Why and how to use augmented reality to boost marketing efforts

Today, it takes a bit more sizzle to grab a customer’s attention.

If your company is keen to separate from the competition—and connect with a tech-savvy audience—augmented reality (AR) is certainly worth a shot.

Despite the widespread success of Pokemon Go and Snapchat, many businesses have yet to even try an AR-driven campaign—whether due to cost concerns or perceived lack of tech expertise. As long as you’re willing to experiment and learn, neither is a legitimate excuse or barrier anymore.

AR represents a gamification of the consumer experience. At a time when consumer attention is scattering and splintering as never before—with most people simply scrolling past or ignoring digital messaging—it takes more than traditional advertising to catch someone’s eye. AR gives you a chance to entertain your audience and attract them in a more interactive manner.

You might not create the next Pokemon Go, but you can certainly boost your brand by using this immersive technology.

How do businesses use AR?

Dozens of companies around the world are actively using AR to grab attention. Starbucks has used it to “bring coffee to life.” Around Christmas, the company launched “Holijoy,” an AR-centric Instagram filter, to its promote sustainability efforts.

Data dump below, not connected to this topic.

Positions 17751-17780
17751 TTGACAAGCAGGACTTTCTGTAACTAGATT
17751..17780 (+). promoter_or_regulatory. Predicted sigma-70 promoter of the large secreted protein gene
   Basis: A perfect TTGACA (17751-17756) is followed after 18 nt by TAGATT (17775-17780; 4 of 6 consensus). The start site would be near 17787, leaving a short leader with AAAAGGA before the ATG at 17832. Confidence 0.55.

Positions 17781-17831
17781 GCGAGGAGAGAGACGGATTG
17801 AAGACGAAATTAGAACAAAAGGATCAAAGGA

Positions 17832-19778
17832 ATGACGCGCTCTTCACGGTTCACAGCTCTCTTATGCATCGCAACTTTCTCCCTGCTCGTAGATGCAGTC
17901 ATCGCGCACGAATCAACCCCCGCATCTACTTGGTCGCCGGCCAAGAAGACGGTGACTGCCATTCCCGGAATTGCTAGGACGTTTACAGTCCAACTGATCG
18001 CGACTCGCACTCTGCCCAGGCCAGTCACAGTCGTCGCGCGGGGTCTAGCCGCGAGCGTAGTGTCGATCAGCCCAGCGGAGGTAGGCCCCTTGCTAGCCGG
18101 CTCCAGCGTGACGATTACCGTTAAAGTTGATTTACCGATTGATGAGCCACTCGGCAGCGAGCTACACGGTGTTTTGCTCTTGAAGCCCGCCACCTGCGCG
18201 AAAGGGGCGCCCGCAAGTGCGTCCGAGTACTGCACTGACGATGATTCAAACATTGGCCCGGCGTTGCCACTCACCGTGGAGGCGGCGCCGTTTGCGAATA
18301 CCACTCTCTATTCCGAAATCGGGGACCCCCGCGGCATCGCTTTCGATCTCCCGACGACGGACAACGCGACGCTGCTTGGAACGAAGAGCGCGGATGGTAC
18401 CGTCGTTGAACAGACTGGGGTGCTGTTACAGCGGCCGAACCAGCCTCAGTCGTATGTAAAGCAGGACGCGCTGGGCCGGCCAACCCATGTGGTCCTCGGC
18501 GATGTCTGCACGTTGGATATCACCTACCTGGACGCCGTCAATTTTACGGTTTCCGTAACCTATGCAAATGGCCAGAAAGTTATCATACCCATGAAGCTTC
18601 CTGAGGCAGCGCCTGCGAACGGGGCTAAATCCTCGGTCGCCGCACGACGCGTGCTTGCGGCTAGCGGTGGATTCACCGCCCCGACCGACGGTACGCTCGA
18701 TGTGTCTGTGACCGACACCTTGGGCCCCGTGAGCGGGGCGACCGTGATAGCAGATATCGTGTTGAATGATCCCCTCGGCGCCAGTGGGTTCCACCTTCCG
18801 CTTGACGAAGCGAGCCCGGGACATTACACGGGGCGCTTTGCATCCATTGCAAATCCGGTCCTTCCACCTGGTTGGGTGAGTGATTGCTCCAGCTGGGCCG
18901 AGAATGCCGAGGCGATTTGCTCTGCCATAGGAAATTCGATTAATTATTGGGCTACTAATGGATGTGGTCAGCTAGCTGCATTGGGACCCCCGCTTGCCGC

Instagram now enables users to “shop with augmented reality.” You can try on Ray-Ban or Warby Parker sunglasses, or you might sample makeup products from Mac and Nars.

Ikea, meanwhile, continues to use AR tech that enables customers to embed “virtual furniture” into the interior of an apartment to see how certain pieces might look in their own space. Nike’s app uses AR to help users find the right shoe size (and, of course, the perfect pair of Nikes).

You might not sell sneakers or furniture, but how can you use this technology get ahead?

What awaits the AR industry?

According to Nielsen, about half of consumers (51%) say they’re ready and willing to use augmented and virtual reality technologies to evaluate products. In addition, International Data Corp. predicts the global virtual and augmented reality market will maintain annual growth of almost 70% until 2025. The masses might not be ready for AR tech straight into their eyeballs (or are they?), but this technology’s not going anywhere but up.

We’re bound to see a surge in the popularity and accessibility of mobile browser AR, and as the technology becomes more affordable, more companies are primed to take the plunge.

Beyond eye-grabbing gamification or compelling product displays, AR can support engaging, immersive employee training. However you plan to use it, it’s worth a try in your modern marketing mix.

Vladimir Stupnikov is president of iMars Communications and CEO of Sputnik marketplace.

Bringing you the latest news and information to keep you in the loop of what's happening in PR, Media and the world around us. Subscribe to our feed!

Catch up on the rest of your content marketing news and strategy